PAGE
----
(Ozrcuit Oourt, D. Rhode Island. January 15, 1886.)
CORPORATION-TRANSFER OF STOCK-ATTACHMENT-RIGHT OF TRANSFEREE.
On December 30, 1875, A. sold certain shares of bank stock to B., and assigned them by a transfer written on the back of the certificate. By the bylaws of the bank, stock was transferable only on the books of the company. On December 14, 1878, the shares were attached by a judgment creditor of A., and sold and transferred to C. Neither the bank nor the creditor had knowledge of the transfer to B. In January, 1880, B. presented his certificate and transfer to the officers of the bank, and demanded a transfer of the stock, which was refused, whereupon he broug-ht suit against the bank for such refusal. Held, that the bank was liable in damages for the refusal to transfer the shares.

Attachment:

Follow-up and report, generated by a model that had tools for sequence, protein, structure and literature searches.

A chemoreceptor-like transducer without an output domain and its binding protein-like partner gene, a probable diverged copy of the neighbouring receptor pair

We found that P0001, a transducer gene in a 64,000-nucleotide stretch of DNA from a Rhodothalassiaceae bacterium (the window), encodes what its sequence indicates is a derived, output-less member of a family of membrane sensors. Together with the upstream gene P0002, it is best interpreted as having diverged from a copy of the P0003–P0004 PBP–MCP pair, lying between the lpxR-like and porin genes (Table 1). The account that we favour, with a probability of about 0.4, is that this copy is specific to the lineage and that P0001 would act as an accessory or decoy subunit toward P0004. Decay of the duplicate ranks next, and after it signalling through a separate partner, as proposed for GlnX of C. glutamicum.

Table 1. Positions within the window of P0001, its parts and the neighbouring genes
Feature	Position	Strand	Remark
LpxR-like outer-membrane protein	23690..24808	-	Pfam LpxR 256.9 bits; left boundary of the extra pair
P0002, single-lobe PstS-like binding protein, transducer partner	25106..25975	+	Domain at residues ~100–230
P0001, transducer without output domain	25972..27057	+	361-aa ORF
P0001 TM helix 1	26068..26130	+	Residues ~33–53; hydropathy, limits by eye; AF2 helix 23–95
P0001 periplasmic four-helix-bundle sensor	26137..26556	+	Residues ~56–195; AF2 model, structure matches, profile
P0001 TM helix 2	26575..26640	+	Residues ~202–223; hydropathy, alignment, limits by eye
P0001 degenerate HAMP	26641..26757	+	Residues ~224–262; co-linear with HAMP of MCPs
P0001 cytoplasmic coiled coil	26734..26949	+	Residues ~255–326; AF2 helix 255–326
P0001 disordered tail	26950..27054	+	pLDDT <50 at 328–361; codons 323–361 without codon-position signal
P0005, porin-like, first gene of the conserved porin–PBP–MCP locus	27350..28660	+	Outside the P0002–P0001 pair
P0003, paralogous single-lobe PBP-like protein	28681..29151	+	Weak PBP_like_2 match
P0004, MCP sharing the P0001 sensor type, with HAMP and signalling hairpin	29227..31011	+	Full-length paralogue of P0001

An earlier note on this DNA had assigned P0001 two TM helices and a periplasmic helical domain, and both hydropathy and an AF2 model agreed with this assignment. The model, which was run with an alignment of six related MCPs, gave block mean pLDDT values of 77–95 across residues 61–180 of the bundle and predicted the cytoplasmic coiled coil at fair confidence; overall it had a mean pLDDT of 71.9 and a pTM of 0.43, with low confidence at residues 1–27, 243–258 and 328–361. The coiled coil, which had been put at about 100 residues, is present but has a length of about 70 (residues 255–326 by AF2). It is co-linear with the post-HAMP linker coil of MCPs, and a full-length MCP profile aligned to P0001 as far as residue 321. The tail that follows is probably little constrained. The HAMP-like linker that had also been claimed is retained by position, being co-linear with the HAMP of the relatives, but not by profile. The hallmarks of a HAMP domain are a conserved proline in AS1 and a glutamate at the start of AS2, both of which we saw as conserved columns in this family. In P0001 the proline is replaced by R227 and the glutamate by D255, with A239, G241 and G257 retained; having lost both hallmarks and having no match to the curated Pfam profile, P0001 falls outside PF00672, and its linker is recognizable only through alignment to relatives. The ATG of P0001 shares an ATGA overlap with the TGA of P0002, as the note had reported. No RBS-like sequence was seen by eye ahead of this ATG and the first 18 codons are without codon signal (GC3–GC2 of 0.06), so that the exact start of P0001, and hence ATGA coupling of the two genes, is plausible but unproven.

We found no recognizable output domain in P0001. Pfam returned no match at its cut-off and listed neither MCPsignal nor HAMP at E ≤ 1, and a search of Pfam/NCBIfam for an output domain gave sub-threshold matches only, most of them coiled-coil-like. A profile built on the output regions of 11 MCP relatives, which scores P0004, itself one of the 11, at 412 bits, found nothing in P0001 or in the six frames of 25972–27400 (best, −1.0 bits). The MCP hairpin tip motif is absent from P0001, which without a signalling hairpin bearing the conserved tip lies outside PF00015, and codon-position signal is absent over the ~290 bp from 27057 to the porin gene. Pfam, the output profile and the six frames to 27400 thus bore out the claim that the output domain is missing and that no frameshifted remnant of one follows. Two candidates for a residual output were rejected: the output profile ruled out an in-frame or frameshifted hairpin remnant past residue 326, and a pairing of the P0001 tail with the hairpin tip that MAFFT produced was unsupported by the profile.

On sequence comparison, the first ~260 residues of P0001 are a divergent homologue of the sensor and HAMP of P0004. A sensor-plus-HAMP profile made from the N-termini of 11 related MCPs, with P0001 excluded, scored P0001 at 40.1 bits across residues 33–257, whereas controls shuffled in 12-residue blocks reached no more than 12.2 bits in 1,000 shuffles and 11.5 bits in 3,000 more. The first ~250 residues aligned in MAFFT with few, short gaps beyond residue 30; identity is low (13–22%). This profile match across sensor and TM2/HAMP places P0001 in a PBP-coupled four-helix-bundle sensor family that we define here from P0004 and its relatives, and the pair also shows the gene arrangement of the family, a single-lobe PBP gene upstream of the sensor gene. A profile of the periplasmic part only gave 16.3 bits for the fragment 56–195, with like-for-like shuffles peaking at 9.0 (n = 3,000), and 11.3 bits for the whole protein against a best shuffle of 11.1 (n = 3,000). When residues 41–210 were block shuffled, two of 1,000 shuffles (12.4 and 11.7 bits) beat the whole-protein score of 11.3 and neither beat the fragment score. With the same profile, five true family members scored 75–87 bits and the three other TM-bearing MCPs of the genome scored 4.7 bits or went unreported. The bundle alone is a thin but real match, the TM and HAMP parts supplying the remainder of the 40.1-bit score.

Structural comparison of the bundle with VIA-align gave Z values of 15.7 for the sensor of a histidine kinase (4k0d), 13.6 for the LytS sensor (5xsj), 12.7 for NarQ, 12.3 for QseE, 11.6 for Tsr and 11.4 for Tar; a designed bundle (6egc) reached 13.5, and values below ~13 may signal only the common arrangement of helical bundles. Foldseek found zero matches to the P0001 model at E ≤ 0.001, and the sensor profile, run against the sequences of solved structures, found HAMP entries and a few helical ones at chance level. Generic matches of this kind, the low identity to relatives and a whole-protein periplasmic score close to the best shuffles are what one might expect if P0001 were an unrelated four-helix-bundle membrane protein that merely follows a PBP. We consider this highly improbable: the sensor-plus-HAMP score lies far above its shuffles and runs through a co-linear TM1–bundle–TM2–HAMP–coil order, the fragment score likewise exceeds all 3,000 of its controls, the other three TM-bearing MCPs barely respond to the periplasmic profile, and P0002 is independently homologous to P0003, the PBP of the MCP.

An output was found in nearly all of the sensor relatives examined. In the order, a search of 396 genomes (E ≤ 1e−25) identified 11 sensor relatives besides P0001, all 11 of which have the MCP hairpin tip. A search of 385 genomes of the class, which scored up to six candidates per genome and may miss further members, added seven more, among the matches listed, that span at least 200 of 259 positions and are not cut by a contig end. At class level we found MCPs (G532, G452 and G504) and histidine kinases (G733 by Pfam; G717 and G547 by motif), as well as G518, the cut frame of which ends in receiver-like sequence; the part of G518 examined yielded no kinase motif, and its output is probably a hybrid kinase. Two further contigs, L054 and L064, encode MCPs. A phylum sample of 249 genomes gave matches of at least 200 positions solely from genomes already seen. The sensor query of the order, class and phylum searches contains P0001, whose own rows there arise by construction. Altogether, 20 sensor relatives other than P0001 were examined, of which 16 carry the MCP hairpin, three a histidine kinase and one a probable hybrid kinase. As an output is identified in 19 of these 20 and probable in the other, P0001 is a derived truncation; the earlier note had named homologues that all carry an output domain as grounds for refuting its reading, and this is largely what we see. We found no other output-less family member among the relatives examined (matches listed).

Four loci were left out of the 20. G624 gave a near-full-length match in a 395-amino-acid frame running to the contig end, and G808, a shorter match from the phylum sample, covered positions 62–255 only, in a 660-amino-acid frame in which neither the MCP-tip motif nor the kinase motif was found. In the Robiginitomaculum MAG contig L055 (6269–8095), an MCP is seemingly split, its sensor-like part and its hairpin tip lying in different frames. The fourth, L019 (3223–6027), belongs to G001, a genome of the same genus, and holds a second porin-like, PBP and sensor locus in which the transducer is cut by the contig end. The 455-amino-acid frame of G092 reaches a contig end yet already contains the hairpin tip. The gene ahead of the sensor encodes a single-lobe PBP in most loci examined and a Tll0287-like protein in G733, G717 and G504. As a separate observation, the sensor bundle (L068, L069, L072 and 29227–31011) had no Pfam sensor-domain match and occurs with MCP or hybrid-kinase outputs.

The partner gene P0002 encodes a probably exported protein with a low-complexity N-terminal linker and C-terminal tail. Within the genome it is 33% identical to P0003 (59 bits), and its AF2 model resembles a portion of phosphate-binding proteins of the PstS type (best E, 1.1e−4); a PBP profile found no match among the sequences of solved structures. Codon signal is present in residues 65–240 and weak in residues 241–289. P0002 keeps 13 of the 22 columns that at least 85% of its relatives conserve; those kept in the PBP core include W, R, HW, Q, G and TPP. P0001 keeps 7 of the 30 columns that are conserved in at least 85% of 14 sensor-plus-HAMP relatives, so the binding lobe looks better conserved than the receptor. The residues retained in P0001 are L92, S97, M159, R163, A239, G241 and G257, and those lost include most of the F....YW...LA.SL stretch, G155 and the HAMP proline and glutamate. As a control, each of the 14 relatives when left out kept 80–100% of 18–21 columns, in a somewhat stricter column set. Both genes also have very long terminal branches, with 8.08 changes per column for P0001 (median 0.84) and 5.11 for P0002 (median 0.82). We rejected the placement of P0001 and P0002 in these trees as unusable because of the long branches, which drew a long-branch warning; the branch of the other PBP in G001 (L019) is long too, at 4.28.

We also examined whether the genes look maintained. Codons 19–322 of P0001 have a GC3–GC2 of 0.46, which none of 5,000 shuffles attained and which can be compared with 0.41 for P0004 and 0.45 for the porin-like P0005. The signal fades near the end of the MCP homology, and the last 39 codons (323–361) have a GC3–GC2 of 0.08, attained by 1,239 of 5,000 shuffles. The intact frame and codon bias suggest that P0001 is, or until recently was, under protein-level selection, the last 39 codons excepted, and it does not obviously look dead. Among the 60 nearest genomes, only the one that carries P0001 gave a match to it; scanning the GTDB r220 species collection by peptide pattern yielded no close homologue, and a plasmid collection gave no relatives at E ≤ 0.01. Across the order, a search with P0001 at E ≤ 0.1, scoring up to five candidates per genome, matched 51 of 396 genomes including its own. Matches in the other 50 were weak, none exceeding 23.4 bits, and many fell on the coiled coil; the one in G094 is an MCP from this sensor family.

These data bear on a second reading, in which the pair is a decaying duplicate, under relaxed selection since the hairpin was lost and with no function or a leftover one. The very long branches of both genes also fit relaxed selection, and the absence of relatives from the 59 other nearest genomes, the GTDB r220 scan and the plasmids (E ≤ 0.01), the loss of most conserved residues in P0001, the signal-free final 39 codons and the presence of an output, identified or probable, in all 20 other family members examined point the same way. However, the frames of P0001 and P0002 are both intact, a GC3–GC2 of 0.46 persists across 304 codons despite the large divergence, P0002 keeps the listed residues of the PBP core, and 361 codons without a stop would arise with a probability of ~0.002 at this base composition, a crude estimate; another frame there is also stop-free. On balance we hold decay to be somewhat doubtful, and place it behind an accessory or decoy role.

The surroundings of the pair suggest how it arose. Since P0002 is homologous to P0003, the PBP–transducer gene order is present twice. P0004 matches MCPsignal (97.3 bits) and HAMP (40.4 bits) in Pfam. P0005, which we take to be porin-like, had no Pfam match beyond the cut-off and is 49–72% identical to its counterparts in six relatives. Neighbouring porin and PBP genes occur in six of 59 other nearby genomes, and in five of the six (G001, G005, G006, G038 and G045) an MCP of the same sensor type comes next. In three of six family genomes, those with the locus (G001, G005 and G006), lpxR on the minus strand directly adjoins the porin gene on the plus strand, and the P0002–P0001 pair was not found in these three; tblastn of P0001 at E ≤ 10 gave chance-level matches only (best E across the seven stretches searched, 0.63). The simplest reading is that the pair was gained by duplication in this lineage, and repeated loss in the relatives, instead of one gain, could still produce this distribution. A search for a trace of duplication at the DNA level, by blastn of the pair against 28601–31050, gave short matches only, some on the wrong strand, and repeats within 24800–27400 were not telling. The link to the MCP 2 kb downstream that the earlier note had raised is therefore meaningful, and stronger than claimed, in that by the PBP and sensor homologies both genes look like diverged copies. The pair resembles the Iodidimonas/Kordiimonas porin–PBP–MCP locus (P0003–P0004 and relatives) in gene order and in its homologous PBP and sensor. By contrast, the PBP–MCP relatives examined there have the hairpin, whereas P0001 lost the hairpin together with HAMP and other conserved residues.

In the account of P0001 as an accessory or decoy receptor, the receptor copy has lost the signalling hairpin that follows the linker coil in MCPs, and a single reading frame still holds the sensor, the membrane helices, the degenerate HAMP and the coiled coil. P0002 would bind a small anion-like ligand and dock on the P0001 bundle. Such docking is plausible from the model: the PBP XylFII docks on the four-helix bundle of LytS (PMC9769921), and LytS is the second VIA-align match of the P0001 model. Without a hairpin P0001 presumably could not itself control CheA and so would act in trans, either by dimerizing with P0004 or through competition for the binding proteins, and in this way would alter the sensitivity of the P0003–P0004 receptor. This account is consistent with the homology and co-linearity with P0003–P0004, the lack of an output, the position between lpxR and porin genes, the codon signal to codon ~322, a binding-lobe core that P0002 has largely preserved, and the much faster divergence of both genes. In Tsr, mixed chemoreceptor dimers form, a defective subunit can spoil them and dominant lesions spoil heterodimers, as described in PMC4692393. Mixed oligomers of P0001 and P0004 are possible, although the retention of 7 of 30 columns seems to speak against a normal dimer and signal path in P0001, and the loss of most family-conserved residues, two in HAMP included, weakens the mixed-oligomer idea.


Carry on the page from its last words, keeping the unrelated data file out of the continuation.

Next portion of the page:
At Law. Amasa M. Eaton, for plaintiff. JVilliam P. Sheffield, for defendant. CARPENTER, J. This is an action at law to recover damages for the refusal of.the defendant to transfer to the plaintiff 75 shares of their capital stock, and to issue to him a certificate thereof. The case has been heard by the court without a jury. The material facts are that on the thirtieth day of December, 1875, the shares stood in the name of Rowland R. Hazard, Jr., and on that day he sold them to the plaintiff, and assigned them by a transfer written on the back of the cer· tificate; that on the twenty-sixth day of June, 1877, the shares were attached in a suit brought in the supreme court of Rhode Island by Philip Caswell, Jr., and on the fourteenth day of December, 1878, they were sold by the sheriff on execution issued in that suit, and were by the defendant corporation transferred on the books to the purchaser; and that in January, 1880, the plaintiff presented his certificate and transfer to the officers of the bank, and demanded that they be transferred to him, and a certificate issued therefor, with which demand the officers refused to comply. Neither the bank nor the attaching creditors notice of the transfer to the plaintiff, or had knowl. edge of the same, before the demand was made by him as above stated. It appears that the by-laws of the bank provide that shares of stock ahall be transferred only on the books of the corporation. 1.'he question, therefore, is whether an attachment of stock will take precedence of an unrecorded transfer of which the attaching creditor had no notice. The question has been much debated, and has been differently decided in different jurisdictions. I think it is settled for this court, in a case involving the title to shares of stock in a national bank, by the authority of the decision in Bank v. Lanier, 11 Wall. 369. See, also, Oontinental Nat. Bank v. Eliot Nat. Bank, 7 Fed. Rep. 369. I decide, therefore, that the defendant corporation is liable in damages for the refusal to transfer the shares. In accordance with the agreement of counsel, the question of damages will stand for further hearing, if not settled by agreement.